Domestic Violence –
Obtaining Restraining Orders
When a party feels that their safety is threatened by a family member, significant other, spouse, or another party with whom they have had a relationship, whether involved in a dissolution proceeding or not, a request for a domestic violence restraining order (DVRO) may be necessary to obtain against the abuser.
A DVRO, which can be requested for temporary or long-term periods of time are sometimes necessary during a divorce and sometimes they are necessary to begin the divorce process (for one person to be able to leave the home with the protection they need to be safe and have an “exit strategy”).
If you feel threatened and fear for your safety and/or that of your children, Christine McClane Tesi can help determine if your circumstances qualify for a DVRO and guide you through the process to get the protection you need.
Ms. Tesi recognizes that domestic violence occurs in many different forms and works with each client to address the issues in his or her unique situation. Whether you need immediate help obtaining a Temporary (ex parte) Restraining Order or an advocate for a more permanent DVRO in court, Ms. Tesi has the knowledge and experience necessary to get help under the law.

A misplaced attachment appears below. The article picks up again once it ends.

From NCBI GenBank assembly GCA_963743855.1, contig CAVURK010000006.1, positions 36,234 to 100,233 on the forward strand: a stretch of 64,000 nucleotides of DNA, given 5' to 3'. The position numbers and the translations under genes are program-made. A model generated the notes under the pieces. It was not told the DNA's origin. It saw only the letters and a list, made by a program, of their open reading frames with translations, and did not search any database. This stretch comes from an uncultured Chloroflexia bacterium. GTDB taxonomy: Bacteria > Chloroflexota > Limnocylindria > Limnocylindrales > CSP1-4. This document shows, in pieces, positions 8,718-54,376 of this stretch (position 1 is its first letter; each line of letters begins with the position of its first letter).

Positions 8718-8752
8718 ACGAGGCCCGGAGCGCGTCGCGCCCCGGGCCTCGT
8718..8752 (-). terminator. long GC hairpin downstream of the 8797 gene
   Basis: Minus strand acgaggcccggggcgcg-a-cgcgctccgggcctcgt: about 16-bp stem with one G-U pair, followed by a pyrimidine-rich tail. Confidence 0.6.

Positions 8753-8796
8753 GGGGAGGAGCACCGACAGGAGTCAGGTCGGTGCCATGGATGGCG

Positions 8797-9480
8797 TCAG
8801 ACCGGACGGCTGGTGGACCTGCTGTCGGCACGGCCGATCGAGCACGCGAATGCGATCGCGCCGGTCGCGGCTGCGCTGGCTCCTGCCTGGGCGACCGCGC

Defending Against Restraining Orders
Christine McClane Tesi can also help if you’ve been served with a restraining order by the opposing party. Often, in divorce, one party tries to use the restraining order process to gain a custody advantage against the other and it is important to provide correct evidence to the Court so you do not wrongly have a restraining order issued against you.
Ms. Tesi has defended hundreds of litigants for purposes of getting restraining orders issued. She has also aggressively defended clients against wrongly filed restraining order requests. If a domestic violence filing has been served against you or if you believe you need the protection of a domestic violence restraining order, Christine McClane Tesi can help.
Civil Litigation –
The need for restraining orders also arises in situations wherein the parties do not have a romantic or family relationship of any kind, such as neighbor disputes, co-worker disputes and other types of non-related persons. Christine McClane Tesi also handles restraining order matters in the civil Court. Call today to schedule a consultation or use our Contact page to email us.